Our study had several limitations. First, potential sources of infection for the HuN EA-H1N1 virus–infected patient were not identified. We collected 9 swab samples from pigs raised on the premises of the patient’s home, which was in a rural location, but EA-H1N1 virus was not isolated. Second, despite the high similarity of HA (98.9%) and NA (97.7%) genes from JS/1/11 EA-H1N1 and HuN EA-H1N1 viruses (online Technical Appendix Table), we could not conclude that the A(H1N1)pdm09 virus–derived internal genes were associated with the high virulence of HuN EA-H1N1 virus and the patient’s severe clinical syndrome. More investigations are needed to verify the virulence factor of HuN EA-H1N1 virus. Third, because an acute-phase serum sample was not available, we could not determine whether a doctor who exhibited signs of illness became infected before or after exposure to the patient; however, the doctor had a fever the same day she had contact with the patient.
In conclusion, EA-H1N1 swine influenza viruses occasionally infect humans. We report on a novel EA-H1N1 virus reassortant, HuN EA-H1N1 virus, which was isolated from a boy in China with severe pneumonia. The virus contained 2 surface genes from an EA-H1N1 virus and 4 internal genes from A(H1N1)pdm09 virus. Compared with JS/1/11 EA-H1N1 virus, the reassortant virus exhibited higher infectivity, virulence, and replication in C57BL/6J mice, demonstrating the need for further evaluation of HuN EA-H1N1 virus to assess the threat it poses to public health. Our results indicate the need for heightened surveillance.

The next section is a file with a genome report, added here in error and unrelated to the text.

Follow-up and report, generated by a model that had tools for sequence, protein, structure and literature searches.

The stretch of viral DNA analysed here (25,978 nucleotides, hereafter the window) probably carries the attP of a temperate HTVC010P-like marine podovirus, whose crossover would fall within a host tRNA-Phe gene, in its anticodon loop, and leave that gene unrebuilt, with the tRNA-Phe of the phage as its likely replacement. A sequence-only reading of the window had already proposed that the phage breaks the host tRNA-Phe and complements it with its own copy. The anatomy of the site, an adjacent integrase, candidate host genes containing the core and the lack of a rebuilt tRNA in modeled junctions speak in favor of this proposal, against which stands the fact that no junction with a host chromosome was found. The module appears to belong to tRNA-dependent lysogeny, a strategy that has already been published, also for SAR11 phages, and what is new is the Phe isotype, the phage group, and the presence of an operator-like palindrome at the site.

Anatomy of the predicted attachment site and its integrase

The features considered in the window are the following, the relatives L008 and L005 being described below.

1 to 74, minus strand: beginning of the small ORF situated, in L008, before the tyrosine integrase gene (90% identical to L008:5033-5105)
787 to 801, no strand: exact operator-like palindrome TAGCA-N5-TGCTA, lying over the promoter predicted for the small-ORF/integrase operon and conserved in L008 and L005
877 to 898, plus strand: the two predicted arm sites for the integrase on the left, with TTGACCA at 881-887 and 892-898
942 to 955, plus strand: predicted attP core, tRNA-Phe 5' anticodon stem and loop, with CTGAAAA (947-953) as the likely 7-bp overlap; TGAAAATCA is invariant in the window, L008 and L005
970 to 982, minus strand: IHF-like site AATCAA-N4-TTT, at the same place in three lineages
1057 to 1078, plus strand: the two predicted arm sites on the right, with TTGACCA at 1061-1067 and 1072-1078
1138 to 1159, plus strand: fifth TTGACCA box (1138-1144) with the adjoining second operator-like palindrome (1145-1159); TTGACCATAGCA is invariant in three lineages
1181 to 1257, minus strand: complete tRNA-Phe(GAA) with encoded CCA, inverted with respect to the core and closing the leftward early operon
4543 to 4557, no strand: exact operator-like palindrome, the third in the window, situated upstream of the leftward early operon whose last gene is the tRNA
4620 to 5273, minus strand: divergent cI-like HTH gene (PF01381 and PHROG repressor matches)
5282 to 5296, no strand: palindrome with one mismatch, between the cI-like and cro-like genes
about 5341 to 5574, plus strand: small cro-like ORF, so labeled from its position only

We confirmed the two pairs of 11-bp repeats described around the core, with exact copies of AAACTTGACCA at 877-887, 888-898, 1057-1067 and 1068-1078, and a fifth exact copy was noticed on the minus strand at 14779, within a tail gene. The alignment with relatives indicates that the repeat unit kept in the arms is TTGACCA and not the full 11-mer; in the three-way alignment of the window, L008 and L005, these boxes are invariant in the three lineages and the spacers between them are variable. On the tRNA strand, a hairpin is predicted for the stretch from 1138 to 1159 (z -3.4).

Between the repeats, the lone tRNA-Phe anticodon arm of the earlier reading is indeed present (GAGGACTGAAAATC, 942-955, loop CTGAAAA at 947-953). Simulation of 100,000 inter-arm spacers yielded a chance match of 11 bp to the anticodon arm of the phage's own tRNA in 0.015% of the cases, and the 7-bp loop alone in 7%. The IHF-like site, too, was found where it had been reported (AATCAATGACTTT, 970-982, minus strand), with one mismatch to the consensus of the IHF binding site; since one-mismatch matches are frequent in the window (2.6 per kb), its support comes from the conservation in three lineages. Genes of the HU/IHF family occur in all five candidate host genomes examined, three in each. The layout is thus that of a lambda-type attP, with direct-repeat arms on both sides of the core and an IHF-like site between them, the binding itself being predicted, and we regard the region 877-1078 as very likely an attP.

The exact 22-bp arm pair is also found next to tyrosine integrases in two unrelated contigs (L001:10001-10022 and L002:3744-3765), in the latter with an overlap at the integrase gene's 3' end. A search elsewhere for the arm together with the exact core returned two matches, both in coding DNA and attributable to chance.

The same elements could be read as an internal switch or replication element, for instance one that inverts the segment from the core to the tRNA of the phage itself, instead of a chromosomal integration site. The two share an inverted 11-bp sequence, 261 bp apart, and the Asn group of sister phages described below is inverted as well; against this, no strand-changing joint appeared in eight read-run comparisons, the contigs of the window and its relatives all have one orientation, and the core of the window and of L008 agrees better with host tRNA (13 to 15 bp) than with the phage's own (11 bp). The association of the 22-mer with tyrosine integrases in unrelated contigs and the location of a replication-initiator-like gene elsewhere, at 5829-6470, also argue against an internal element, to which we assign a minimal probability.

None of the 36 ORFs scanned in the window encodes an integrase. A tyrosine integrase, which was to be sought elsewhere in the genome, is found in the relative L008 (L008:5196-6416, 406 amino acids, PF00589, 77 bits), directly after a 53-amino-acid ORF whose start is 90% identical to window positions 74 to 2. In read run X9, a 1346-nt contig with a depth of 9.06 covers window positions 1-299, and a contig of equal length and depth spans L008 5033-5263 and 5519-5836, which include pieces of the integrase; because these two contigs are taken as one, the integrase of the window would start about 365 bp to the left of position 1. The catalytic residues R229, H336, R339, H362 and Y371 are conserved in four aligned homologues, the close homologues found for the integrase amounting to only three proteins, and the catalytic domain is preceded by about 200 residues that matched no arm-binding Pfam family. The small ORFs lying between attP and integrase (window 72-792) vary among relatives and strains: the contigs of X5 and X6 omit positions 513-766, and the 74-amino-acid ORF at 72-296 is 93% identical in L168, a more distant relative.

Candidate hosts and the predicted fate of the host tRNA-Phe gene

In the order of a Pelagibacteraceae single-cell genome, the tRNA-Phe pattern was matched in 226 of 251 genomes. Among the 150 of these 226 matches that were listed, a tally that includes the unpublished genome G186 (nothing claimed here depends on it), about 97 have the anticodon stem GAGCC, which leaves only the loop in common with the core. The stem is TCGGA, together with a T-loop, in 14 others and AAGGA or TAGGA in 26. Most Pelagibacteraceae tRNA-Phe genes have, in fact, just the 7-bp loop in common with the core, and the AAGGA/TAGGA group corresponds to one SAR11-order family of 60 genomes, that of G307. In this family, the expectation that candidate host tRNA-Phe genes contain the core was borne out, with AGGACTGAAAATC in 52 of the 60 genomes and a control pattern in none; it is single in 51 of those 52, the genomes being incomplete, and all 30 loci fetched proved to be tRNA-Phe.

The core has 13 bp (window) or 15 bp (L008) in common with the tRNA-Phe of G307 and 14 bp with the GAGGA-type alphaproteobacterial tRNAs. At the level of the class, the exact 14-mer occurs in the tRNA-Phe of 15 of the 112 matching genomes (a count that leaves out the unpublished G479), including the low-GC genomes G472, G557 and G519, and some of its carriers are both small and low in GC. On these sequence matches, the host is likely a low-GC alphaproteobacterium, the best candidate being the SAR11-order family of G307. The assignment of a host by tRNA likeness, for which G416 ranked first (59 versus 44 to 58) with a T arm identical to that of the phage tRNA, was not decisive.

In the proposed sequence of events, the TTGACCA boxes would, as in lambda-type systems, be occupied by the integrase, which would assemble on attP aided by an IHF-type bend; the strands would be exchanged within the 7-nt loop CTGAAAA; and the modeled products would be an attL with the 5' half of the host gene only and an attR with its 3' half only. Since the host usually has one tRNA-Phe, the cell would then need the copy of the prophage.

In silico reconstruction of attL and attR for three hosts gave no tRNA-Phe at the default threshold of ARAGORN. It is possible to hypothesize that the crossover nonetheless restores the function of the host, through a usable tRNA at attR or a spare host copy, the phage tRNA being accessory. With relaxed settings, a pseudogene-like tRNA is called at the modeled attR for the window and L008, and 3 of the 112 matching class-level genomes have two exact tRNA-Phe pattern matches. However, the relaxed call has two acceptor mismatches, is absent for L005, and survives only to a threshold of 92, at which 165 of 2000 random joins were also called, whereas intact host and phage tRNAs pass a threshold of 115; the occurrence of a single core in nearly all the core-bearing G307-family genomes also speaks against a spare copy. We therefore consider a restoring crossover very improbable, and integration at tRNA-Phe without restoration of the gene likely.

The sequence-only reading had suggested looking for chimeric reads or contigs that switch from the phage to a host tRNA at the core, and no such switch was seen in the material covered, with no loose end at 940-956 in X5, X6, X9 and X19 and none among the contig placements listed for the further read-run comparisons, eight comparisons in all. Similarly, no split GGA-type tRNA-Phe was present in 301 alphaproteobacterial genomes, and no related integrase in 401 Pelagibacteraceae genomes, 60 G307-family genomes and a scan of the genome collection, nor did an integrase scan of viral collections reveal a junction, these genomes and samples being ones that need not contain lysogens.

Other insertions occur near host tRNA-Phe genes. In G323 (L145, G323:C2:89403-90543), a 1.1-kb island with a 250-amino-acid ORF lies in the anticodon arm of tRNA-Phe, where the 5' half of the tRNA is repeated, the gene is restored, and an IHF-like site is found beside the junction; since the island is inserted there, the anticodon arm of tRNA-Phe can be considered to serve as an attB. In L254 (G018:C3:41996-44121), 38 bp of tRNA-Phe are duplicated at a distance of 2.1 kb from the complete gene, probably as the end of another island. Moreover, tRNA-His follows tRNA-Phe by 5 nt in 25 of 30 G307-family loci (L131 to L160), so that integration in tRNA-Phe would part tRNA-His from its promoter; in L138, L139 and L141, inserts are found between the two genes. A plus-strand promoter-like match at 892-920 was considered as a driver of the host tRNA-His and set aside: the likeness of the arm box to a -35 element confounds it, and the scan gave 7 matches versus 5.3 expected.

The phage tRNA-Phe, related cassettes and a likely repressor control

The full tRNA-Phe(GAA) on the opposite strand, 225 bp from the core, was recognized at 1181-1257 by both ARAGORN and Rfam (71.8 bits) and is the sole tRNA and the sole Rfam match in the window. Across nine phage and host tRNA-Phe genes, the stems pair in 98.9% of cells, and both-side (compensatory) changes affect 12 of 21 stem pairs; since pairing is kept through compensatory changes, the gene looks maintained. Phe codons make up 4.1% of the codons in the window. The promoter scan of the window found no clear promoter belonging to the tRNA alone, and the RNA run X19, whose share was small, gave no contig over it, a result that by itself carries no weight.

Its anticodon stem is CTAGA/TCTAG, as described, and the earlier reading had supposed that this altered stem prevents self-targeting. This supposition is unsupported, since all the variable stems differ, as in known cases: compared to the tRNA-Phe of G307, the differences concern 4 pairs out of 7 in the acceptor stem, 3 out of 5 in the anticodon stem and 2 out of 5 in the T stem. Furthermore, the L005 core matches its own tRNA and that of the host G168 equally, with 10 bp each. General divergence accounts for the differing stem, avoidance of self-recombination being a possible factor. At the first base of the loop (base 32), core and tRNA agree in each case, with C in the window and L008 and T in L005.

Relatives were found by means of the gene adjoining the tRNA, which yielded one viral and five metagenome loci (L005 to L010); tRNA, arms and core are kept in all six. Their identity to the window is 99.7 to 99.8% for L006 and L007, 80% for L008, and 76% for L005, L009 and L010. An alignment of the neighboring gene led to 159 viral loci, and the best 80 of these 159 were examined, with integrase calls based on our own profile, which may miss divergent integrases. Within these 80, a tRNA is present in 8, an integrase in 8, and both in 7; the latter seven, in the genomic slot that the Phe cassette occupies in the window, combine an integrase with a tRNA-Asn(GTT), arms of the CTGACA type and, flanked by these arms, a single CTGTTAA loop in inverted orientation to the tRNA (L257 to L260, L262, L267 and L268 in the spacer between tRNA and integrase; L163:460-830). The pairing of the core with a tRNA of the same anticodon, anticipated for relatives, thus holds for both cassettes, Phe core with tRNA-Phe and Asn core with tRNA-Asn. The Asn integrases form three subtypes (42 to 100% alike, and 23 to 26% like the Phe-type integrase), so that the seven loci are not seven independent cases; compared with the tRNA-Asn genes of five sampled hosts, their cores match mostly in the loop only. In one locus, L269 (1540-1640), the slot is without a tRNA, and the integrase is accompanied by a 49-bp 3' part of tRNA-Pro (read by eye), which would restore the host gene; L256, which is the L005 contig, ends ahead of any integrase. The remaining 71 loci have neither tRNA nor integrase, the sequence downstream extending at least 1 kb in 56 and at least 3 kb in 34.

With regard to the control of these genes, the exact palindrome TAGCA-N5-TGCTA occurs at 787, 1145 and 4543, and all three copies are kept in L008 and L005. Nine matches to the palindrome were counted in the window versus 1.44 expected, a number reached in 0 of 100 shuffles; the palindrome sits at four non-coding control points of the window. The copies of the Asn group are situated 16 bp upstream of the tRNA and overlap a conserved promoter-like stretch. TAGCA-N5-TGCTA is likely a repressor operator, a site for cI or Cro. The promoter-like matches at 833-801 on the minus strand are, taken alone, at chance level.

Dr. Zhu is an influenza researcher at the Chinese National Influenza Center, National Institute for Viral Disease Control and Prevention, Chinese Center for Disease Control and Prevention. Her research interests include evolutionary analysis and pathogenicity mechanism of influenza viruses.
This study was supported by the National Mega-projects for Infectious Diseases (2014ZX10004002-002 to Y.S., 2013ZX10004202-001-003 to J.L.) and The National Key Research and Development Program of China (2016YFC1200201 to Y.S.) and by grants from the Hunan Provincial Science and Technology Department (2014SK3246 to H.Z.) and the Hunan Provincial Health and Family Planning Commission, China (A2011-006 and C2015-63).
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Suggested citation for this article: Zhu W, Zhang H, Xiang X, Zhong L, Yang L, Guo J, et al. Reassortant Eurasian avian-like influenza A(H1N1) virus from a severely ill child, Hunan Province, China, 2015. Emerg Infect Dis. 2016 Nov [date cited]. http://dx.doi.org/10.3201/eid2211.160181
1These authors contributed equally to this article.